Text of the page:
by Garneau

Welcome to ''repair, rejuvenation and renovation'' season otherwise incorrectly referred to as the off-season.  It is absolutely not the “off” season. It is the “the” season to lay the foundation for 2019 – to heal any injuries, to revive your spirit and to strengthen your weak links. Motivation is challenging with the lack of daylight, the cold and the very distant race schedule. Here are some tips to spark up your preparation for summer 2019:

Establish a short-term early season goal. Your goal may be Subaru IRONMAN 70.3 Muskoka in July, but aim for a winter goal such as a March ½ marathon or a destination race. Since these are not likely to be “A” races, set a mini goal for each of them such as boosting your run speed, honing your mental or nutritional game, perfecting your pacing etc.

Write your goals on a card and stick it on your bathroom mirror. Stare your goals in the face each morning. When you read, “I want to run faster in March”, you will be excited to lace up your shoes.

Visualize the benefit of completing the activity. It is easy to say, “it is too cold to run” and then roll over and sleep. What you are really saying is “I am going to stay in bed because I want to be slow at the March ½ marathon”. Instead, focus on the benefit of executing each workout – “I will get fitter, faster, be energized for the day and be so proud of myself when this session is done.” Picture yourself doing the training and see the associated benefits. Then, contrast that with the picture of skipping of the workout and the associated regret.

Schedule your workouts for the morning before work. The only thing competing for your time in the morning is sleep but if you postpone workouts to the evening, now training has to compete with dinner, playtime, socials, rest, television and general relaxation. Wake up, train, feel accomplished and on task for the rest of the day.

Plan a winter training camp, weekend clinic or training seminar. Think of this as a physical and mental retreat where you will learn new skills, get fit and re-charge your battery in pursuit of your sport. Every profession has team building weekends or motivational meetings. Triathlon needs a “spa day” as well where you can grow as an athlete in mind, body and spirit.

Keep a training log and include your daily emotions as well as workout data. At the end of the week, write down what you did well and what you can improve on for next week. Be honest.  When you overcome a hurdle in your preparation, you will be empowered. This is your short story of your journey to your goal. Make it a piece of art. Be creative.

Establish a theme for each month of the winter. This mantra should motivate you and should be personal. For example, since December is likely to be busy, social and sporadic, your January/February theme might be “Routine”. Then each morning, repeat “Routine” to yourself. Write it on your bathroom mirror and on every page of your journal and that will be your mental cue to get the workout done.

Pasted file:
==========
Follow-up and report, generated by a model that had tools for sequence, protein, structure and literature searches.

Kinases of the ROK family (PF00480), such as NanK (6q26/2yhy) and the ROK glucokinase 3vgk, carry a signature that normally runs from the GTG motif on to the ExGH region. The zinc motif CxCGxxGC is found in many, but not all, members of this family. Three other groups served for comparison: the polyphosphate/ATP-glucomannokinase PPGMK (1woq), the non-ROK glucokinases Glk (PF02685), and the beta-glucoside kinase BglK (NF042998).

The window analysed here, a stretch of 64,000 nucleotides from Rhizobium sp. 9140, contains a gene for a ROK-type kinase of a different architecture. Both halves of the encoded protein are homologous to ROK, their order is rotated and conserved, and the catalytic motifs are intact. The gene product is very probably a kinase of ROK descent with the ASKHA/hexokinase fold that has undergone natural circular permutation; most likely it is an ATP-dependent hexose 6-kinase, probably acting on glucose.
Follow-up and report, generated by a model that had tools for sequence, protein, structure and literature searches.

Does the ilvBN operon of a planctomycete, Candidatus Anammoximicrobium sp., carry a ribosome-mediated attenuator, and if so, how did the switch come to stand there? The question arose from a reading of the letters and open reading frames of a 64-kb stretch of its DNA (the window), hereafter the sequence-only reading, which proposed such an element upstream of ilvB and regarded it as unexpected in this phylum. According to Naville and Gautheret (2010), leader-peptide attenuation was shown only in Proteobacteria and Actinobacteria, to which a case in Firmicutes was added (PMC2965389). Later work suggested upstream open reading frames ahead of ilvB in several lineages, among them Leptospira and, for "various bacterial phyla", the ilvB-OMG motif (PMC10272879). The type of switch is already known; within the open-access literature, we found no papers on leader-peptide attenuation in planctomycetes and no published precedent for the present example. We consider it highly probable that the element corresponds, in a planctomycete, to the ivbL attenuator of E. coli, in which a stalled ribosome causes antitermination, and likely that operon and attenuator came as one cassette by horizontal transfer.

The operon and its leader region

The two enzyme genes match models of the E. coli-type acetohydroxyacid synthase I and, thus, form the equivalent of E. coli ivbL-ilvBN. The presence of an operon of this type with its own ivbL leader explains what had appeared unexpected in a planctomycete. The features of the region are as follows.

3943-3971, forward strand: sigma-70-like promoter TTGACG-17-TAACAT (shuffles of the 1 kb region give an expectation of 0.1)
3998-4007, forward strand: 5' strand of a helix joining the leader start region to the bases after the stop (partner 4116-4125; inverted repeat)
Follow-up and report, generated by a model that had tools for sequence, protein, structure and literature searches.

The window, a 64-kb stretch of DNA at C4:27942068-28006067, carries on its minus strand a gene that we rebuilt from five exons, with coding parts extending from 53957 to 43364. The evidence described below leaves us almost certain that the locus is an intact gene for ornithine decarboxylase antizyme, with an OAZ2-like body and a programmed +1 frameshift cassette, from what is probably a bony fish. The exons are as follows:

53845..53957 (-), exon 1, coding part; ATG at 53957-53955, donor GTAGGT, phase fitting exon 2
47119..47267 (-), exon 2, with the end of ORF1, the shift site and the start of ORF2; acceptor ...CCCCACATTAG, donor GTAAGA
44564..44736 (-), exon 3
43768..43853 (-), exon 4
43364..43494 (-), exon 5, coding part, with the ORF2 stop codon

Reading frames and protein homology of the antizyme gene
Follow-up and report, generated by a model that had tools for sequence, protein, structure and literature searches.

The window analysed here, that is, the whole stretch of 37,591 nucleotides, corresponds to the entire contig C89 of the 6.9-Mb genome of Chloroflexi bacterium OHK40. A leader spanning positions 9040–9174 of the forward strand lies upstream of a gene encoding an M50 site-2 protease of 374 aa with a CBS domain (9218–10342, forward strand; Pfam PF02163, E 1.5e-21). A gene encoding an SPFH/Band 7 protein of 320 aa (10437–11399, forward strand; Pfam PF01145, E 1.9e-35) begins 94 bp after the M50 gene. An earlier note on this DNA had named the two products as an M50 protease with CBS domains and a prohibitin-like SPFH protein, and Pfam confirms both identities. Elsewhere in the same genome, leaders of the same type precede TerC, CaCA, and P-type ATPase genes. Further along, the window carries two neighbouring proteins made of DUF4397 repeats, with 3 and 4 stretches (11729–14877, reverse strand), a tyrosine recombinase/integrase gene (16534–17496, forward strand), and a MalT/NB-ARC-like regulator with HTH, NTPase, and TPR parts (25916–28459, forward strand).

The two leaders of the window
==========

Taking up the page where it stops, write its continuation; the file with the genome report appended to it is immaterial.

Surround yourself with like-minded people at least once per week. Share these tips with someone else and then check up each other to see how you are doing. Compare training journals. Show each other your goal cards. Discuss your themes. When you share motivation, you will be motivated.

There is no question that the winter can play havoc on your triathlon training. But a positive, on task and goal-driven mind is stronger than any winter storm. Your attitude is trainable and controllable. If you can overcome the usual training winter lulls, then imagine how indestructible you will be when you hit a curveball in the middle of your goal race. Attitude is more important than fact. The fact is that winter is tough on our triathlon inspirations. Let your attitude rise up and make you a champion of winter and then a champion on race day.

March Fitness Boost brought to you by LBT coaches Dave Cracknell and Lisa Bentley

Lisa Bentley raced for 20 years as a professional triathlete, winning 11 Ironman and 16 Ironman 70.3 events. During that time, she learned and lived the tactics for being a champion whether in sport, business or life. But Lisa was the most unlikely champion. She has cystic fibrosis, a life-threatening genetic lung disease. But she turned cystic fibrosis into a gift and found a way to squash her genetic blueprint with a sturdy work ethic, fierce desire, clear goals and an unwavering belief in self. Now she help others learn how to win in life and how to be the best they can be with the cards they’ve been dealt.